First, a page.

Quick through the corners and faster on the straights, Ferrari's SF71H certainly seems to be delivering performance beyond the level of what it rivals expected.
And with Mercedes in particular left scratching its head over just how much performance its Maranello opposition has managed to put on since Canada, there has been much intrigue about what Ferrari is doing with its engine.
Thus far the finger has been pointed at the Scuderia unlocking something on it ERS that the others have missed, such as a battery trick or a use of the turbo, MGU-H or MGU-K in a different way.
But a new design avenue that the team tested out at the German Grand Prix could give us a clue that the answer may not lie entirely with its power unit.
Did its experiments with a remounting of its exhaust pipes near the rear wing suggest the possibility of a blown wing concept?
Closer analysis of its wing set-ups has suggested that Ferrari has not been needing to trim off its downforce levels to maintain its straightline gains – and has even been able to do so with more angle of attack than Mercedes.
Could the team therefore have found a way to stall its rear wing to help with a straightline speed advantage, which would then also not hurt it in high-speed corners?
It wouldn't be the first time such a solution had been used to increase top speed. The F-duct in 2010, and the DRS (Drag Reduction Device, see below) were both introduced to achieve a similar benefit: reduce drag and increase top speed.
Photo by: Giorgio Piola
DRD was a passive device which tangentially blew the central section of the wing to 'stall' it. It wasn't as powerful as the F-duct and took a while to set up for each circuit.
Several teams, including Mercedes, Red Bull, Sauber and Lotus all had their own versions and spent time trying to make it work.
There seems to be some evidence to suggest that blowing the rear wing with wastegate pipes could be a way to achieve this aero benefit once again.
A technical directive issued in 2015 was of particular interest because it tried to clamp down on the possibility of using the then newly-separated wastegate pipework to turn on and off an external system with a fluidic switch.
This was much like the one used in for the F-duct, that would have allowed DRD to be controllable, rather than passive.
The technical directive was issued in response to a request from James Allison, then technical director at Ferrari and someone who had intimate knowledge of the F-duct and DRD designs from his time with Renault/Lotus.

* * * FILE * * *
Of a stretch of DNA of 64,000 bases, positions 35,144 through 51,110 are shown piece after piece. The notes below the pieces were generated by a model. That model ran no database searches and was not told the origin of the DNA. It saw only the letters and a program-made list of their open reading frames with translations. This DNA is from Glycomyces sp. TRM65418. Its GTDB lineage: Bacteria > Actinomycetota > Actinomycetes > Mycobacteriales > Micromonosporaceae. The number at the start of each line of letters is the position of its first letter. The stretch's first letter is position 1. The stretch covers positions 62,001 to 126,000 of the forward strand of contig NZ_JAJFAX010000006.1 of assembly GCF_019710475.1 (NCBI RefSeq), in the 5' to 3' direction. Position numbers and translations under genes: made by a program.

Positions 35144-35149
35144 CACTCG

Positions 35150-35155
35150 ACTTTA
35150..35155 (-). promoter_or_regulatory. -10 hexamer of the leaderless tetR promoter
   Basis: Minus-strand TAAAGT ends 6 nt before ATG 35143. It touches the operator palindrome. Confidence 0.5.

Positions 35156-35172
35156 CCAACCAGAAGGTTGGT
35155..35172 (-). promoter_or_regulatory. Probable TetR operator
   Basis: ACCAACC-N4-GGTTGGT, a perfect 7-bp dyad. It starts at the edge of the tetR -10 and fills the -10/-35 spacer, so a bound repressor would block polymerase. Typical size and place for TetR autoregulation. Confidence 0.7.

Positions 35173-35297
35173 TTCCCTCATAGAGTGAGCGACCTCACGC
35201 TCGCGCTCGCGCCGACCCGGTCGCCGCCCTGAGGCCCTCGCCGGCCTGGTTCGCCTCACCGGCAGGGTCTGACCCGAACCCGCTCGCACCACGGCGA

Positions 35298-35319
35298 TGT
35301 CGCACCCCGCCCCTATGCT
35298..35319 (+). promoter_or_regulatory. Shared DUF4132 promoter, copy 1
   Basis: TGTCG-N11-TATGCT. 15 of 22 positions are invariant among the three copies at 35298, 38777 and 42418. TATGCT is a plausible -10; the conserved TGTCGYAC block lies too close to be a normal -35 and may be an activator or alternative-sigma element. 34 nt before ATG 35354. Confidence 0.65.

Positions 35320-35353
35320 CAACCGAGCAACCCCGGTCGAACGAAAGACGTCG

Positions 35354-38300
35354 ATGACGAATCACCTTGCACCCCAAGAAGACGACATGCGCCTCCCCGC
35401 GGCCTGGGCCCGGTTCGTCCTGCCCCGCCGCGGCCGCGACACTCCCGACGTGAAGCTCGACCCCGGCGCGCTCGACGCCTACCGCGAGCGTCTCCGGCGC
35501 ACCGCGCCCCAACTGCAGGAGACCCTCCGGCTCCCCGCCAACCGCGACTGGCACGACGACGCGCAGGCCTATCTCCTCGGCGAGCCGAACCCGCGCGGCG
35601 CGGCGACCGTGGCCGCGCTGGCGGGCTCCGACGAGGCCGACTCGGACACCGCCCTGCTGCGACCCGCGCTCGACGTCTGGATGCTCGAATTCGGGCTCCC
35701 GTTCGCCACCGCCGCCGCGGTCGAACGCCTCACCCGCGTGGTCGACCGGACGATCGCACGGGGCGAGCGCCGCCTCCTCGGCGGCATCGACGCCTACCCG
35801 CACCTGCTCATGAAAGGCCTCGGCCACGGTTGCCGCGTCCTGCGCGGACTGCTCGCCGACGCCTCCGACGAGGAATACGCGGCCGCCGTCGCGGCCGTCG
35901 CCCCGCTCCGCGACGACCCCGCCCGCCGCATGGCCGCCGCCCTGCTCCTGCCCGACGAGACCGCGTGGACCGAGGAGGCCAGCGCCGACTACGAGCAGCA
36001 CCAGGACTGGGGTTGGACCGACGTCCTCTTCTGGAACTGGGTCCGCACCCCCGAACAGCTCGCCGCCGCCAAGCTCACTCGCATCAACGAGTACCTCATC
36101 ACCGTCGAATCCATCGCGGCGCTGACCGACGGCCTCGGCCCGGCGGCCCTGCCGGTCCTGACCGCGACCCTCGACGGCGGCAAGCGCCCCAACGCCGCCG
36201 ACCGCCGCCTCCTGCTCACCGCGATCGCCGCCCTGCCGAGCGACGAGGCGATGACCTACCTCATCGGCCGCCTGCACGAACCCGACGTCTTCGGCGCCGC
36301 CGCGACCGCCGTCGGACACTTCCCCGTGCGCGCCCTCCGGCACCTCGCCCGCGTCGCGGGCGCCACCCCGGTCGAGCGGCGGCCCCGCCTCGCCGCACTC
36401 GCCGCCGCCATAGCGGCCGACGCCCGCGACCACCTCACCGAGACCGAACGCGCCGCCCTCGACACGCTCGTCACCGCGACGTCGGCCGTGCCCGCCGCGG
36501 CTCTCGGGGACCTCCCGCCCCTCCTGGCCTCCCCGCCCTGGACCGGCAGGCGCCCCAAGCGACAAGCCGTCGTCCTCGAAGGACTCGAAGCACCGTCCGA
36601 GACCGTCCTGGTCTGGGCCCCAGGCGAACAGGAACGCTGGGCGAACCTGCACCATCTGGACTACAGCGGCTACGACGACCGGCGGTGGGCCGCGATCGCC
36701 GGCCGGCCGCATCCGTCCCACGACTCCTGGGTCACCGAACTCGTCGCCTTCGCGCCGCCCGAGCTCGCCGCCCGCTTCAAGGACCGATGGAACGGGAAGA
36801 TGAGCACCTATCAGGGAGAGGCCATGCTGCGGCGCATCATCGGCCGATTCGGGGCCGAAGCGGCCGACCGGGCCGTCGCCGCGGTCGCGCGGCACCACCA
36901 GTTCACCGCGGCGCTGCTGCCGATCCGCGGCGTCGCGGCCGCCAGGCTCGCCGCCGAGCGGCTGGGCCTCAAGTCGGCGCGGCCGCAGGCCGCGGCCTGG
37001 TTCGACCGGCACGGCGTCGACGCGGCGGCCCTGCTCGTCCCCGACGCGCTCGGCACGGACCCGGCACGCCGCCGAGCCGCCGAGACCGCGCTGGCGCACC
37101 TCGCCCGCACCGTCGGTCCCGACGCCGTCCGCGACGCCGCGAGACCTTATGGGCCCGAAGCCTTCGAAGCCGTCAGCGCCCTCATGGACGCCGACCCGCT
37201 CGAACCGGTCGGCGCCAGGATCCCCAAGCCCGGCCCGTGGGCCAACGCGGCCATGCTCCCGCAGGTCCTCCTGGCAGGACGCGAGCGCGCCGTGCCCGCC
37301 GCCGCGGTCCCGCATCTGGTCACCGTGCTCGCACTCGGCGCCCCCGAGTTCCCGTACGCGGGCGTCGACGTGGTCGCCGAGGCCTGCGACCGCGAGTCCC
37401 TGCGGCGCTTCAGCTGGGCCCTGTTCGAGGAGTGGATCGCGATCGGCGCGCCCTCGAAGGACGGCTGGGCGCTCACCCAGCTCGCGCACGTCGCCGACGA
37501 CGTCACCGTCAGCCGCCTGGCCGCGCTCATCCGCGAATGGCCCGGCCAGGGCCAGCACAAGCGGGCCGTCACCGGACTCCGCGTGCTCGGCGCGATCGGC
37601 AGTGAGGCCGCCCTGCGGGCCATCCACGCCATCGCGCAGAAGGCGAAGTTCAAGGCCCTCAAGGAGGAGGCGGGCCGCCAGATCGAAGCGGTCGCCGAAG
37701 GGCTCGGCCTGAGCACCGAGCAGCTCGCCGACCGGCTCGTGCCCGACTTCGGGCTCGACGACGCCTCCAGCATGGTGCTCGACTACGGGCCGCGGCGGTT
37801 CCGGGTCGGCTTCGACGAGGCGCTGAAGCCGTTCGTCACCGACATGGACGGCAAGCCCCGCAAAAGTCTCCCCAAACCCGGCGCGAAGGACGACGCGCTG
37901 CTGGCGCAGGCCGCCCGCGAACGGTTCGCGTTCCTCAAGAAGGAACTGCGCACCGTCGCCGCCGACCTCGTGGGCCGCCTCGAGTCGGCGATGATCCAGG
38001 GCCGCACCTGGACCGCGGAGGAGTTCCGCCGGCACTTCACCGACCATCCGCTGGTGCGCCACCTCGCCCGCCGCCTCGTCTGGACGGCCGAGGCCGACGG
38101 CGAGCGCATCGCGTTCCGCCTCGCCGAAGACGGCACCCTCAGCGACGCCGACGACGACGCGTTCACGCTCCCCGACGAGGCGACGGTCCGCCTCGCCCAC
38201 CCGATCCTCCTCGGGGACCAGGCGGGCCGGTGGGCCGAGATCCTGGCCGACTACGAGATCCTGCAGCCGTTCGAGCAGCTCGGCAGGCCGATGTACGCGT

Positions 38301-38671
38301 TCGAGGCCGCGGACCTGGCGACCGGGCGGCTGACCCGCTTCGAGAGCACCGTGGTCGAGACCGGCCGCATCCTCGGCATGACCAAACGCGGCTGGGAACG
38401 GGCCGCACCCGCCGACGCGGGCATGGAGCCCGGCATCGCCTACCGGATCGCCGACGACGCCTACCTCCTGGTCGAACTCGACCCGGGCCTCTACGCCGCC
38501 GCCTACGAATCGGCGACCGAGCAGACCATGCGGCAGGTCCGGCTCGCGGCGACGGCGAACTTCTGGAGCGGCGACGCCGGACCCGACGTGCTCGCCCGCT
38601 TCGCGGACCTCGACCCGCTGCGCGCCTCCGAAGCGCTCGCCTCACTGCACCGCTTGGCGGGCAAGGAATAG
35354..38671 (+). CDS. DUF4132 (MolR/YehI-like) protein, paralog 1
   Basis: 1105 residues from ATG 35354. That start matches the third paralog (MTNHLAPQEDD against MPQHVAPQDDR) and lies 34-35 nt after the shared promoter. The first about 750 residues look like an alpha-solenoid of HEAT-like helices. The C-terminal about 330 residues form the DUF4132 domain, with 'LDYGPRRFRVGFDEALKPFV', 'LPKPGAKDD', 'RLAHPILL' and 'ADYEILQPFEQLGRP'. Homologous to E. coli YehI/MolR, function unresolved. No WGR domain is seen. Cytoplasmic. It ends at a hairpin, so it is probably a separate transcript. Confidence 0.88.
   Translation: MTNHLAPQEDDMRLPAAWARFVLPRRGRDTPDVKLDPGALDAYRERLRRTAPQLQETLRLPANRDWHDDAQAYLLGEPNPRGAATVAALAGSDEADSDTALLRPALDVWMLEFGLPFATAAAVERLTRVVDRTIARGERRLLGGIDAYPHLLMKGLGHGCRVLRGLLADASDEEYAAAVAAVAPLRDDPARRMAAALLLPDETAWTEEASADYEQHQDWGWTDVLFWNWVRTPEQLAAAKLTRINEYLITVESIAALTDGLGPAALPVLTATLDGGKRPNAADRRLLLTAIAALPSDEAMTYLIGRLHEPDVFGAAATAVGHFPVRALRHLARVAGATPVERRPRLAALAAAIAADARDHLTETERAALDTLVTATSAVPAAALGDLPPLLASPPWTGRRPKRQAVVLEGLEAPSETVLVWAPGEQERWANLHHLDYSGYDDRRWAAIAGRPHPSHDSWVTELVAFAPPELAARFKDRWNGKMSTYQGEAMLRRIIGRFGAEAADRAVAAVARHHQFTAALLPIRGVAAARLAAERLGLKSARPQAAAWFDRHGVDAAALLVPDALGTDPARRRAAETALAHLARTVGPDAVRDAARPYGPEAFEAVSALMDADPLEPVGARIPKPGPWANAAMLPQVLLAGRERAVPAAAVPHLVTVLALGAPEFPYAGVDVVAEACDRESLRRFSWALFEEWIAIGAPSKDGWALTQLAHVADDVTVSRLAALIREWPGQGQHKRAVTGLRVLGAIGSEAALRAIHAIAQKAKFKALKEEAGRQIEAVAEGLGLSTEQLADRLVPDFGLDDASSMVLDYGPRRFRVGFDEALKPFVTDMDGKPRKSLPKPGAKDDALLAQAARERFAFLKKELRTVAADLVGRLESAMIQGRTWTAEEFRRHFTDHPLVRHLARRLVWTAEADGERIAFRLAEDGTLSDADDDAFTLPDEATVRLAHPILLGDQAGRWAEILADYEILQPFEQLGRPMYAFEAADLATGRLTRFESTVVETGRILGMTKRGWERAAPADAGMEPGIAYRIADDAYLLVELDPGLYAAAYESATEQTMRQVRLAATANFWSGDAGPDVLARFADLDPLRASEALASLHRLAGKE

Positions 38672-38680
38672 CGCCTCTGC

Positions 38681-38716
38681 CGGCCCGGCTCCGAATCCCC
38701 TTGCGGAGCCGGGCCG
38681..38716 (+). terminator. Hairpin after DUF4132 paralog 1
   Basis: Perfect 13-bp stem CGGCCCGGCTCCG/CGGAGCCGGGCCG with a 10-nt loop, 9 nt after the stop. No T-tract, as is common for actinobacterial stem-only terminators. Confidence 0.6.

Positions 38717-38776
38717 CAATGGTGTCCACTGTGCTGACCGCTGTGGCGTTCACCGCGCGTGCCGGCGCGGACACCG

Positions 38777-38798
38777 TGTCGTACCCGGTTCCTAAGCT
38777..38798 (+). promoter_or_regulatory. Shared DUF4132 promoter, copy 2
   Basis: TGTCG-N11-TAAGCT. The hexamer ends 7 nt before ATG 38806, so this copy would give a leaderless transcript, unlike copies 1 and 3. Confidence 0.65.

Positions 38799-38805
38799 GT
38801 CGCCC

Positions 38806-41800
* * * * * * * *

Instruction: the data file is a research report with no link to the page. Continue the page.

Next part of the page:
The thing with ideas that have produced performance in the past is that they never really go away and often get reinterpreted at a later date.
It could be then that Ferrari has done just that, opting to use the gasflow created by the wastegate pipework as a method of disturbing the exhaust plume and localised airflow, which in-turn 'stalls' the rear wing to increase their straightline speed.
You might argue that everyone has their wastegate pipework in roughly the same place as Ferrari, which would be true, but that's not to say that everyone else is mapping the wastegate and MGU-H in the same way.
In fact, they may be trying to do the exact opposite to Ferrari on this front, as other teams look to recover more electrical energy and/or reduce disturbance to the rear wing by minimising the flow of gases out the back, not thinking of the incidental benefits.
Piling on the pressure
If Ferrari has found a way to use the wastegate and exhaust to stall the rear wing then it would also make sense that what we've seen so far is their opening salvo, with more potential gains in the pipeline.
As such, it would make sense to see the development tested in Germany as part of that next stepping stone.
The update saw the wastegate outlets inverted and placed on top of the main exhaust outlet, in closer proximity to the rear wing, whilst the rear wing itself not only had a revised leading edge when viewed from the front (below), but also a revised camber on the rear face.
Furthermore, it became apparent from shots taken when the solution was being taken off the car that the lower of the two wastegate pipes merges with the upper one solely for legality reasons meaning it likely gets little flow, empowering the upper one.
For now this merely represents a theory, as rival teams try to get to the bottom of an understanding of whether Ferrari's advantage comes from an unexplained advantage with energy recovery, or the counter viewpoint that Ferrari is actually blowing is rear wing for extra downforce.
One thing is for certain though, this is a solution that's helping all of the teams with a Ferrari power unit, and everyone else has been left searching for answers.